© 2024 Maine Public
1450 Lisbon St.
Lewiston, ME 04240

Maine Public Membership Department
63 Texas Ave.
Bangor, ME 04401

Portland Office
323 Marginal Way
Portland, ME 04101

Registered 501(c)(3) EIN: 22-3171529
Play Live Radio
Next Up:
0:00
0:00
0:00 0:00
Available On Air Stations
Scroll down to see all available streams.

Legislation would require bottled water to be tested, labeled for PFAS contamination

Maine Public

New legislation would require Maine's water bottling companies to monitor for PFAS chemicals and label any PFAS contaminants in each bottle.

The Legislature's Health and Human Services Committee heard testimony Friday on two bills that would add new regulations on companies such as Poland Spring.

One measure would require bottled water producers to test for several PFAS contaminants, and would prohibit the sale of any water with levels exceeding state and federal standards.

Another bill would mandate that companies add labels to their bottles indicating the water's source and the level of PFAS contaminants inside.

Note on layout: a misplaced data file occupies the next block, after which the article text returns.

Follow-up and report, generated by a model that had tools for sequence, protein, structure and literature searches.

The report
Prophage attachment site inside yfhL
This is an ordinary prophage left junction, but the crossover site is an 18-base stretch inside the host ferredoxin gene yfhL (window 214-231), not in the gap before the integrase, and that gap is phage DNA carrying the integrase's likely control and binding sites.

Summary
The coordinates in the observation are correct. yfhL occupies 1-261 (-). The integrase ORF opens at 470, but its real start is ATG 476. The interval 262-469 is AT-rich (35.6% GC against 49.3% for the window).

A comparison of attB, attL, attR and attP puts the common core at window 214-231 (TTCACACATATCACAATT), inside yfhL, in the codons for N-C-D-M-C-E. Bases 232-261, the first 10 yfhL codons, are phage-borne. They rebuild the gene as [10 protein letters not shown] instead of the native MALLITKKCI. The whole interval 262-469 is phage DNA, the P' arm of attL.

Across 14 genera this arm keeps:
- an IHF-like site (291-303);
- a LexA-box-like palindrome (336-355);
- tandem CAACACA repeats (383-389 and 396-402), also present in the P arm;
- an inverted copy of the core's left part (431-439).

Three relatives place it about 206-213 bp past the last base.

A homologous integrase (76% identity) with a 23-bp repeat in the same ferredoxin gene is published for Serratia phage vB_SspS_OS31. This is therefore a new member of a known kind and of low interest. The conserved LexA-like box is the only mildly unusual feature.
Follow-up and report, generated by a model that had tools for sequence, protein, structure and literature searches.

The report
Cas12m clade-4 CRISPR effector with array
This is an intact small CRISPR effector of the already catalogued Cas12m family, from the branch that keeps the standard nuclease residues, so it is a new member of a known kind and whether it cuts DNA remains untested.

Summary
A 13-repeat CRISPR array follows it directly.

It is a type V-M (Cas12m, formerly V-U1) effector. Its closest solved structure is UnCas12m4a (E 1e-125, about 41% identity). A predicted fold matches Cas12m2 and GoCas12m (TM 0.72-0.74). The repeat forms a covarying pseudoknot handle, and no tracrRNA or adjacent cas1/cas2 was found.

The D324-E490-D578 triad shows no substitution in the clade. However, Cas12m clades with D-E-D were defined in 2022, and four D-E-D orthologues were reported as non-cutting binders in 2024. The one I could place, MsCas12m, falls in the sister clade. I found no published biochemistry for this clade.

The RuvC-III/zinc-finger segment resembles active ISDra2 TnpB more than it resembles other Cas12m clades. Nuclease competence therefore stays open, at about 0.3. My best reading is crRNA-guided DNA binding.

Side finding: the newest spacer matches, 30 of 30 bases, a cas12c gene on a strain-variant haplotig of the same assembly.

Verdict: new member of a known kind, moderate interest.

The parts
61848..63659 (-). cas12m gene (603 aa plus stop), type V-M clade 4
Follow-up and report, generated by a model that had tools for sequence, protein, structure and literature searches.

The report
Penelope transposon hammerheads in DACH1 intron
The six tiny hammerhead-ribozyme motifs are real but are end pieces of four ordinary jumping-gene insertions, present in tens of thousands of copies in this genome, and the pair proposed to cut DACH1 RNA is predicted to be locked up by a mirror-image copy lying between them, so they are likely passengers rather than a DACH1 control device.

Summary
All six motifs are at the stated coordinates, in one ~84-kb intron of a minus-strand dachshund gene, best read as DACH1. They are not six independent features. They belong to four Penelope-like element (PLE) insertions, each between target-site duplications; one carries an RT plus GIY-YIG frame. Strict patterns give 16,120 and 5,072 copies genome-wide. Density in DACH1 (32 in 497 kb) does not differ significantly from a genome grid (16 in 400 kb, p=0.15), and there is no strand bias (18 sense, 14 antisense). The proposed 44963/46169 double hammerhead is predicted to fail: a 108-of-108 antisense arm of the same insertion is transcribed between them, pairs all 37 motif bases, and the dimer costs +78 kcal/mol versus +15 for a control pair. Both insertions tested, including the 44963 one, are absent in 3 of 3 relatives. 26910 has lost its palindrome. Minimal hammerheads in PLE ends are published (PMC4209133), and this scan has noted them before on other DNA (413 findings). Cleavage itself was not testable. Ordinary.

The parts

Democratic Representative Lori Gramlich, who sponsored the labeling bill, says Maine consumers should feel confident that their drinking water is safe.

"The public has a right to know that the bottled water they're either choosing or needing to consume is free from the harmful chemicals. Free from PFAS," Gramlich said.

Liz Donohue, of Poland Spring's parent company Blue Triton, says monitoring is already in place for PFAS.

Donohue says that while the company supports strict standards for the chemicals, the proposed labeling requirements are unworkable, impractical, and already under the jurisdiction of the U.S. FDA.

"Given the requirements in transparency, we believe the labelling provisions are an unnecessary overreach," Donohue said.

The Maine Center for Disease Control supports the legislation and says it plans to include PFAS monitoring requirements for water bottlers in future rulemaking.

But the agency acknowledged the difficulty of implementing the labeling rules, and instead suggested adding a link or QR code on each bottle with information on water testing results.